Physics rarely feels more magical than when you first encounter a magnet as a kid. Getting a bar magnet in science class and trying – with all your might – to push it towards the matching pole of another magnet but being completely unable to, or leaving opposing poles close to each other but not touching so you can see them creep together and eventually join. You quickly learn that this behavior is a result of magnetism, but what really is magnetism? What’s the link between electricity and magnetism that allows electromagnets to work? Why wouldn’t you use a permanent magnet instead of an electromagnet in a metal scrap yard, for example? Magnetism is a fascinating and complicated topic, but if you just want to learn the properties of a magnet and the basics, it’s really easy to pick up.
How Do Magnets Work?
Magnetic behavior is ultimately caused by the motion of electrons. A moving electric charge generates a magnetic field, and – as you may expect – magnets and magnetic fields are intricately linked. Since an electron is a charged particle, its orbital motion around the nucleus of an atom creates a small magnetic field. Generally speaking, though, there are tons of electrons in a material, and the field created by one will be cancelled out by the field created by another, and there won’t be any magnetism from the material as a whole.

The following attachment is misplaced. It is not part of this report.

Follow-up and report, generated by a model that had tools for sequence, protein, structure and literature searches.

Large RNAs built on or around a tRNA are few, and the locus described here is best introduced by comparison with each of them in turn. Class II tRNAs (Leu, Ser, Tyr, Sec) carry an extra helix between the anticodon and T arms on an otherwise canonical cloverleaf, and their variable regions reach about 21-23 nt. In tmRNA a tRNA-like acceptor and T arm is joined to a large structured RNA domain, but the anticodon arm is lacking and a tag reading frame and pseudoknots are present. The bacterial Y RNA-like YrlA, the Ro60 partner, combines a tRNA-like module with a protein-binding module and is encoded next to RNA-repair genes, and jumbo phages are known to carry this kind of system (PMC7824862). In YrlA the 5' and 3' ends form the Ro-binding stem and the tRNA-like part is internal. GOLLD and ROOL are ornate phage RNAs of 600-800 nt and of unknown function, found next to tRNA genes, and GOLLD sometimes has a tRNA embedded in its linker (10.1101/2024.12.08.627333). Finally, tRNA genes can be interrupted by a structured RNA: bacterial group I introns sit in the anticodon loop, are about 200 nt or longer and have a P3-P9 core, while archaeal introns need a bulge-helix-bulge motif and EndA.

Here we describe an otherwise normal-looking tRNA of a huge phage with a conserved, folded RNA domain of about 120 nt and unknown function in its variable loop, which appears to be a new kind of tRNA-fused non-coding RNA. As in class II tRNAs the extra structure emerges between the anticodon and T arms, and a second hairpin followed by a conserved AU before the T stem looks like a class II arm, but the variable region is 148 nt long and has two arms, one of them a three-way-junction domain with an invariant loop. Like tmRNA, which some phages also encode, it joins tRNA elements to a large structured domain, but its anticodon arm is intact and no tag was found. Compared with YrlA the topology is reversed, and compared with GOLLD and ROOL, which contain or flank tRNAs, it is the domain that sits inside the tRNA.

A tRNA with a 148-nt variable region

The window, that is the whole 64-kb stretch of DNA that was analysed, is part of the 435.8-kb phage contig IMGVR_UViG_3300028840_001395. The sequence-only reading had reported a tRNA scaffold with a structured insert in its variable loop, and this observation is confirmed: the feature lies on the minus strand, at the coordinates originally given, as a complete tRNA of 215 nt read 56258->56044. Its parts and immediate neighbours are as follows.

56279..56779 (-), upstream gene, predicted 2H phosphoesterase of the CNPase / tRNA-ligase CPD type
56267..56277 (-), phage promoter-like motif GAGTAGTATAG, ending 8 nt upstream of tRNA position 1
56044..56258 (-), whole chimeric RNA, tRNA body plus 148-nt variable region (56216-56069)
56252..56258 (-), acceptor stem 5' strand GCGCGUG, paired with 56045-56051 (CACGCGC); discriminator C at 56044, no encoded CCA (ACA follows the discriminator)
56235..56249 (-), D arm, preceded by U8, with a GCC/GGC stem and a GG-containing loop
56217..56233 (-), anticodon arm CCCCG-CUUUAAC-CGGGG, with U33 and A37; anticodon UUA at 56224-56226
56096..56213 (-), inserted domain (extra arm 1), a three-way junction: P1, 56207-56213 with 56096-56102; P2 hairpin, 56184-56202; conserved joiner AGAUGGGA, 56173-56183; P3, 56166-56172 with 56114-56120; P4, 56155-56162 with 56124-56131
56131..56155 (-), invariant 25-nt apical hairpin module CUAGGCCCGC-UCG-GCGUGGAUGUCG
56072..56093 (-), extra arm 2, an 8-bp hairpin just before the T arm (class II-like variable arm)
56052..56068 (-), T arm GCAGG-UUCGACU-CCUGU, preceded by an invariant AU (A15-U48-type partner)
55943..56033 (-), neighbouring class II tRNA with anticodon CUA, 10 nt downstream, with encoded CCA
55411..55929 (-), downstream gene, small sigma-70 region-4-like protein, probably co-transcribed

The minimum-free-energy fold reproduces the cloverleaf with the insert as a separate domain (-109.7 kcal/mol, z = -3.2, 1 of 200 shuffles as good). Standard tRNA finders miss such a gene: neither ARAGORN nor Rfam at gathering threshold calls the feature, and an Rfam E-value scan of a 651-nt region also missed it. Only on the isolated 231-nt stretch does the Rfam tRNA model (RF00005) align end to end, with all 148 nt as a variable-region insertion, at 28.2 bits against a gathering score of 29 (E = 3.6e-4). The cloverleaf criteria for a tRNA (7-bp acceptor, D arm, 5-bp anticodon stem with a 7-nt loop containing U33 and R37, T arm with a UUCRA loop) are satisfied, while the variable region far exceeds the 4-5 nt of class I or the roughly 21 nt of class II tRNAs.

Some materials work differently, though. The magnetic field created by one electron can affect the orientation of the field produced by neighboring electrons, and they become aligned. This produces what’s called a magnetic “domain” within the material, where all of the electrons have aligned magnetic fields. Materials that do this are called ferromagnetic, and at room temperature, only iron, nickel, cobalt and gadolinium are ferromagnetic. These are the materials than can become permanent magnets.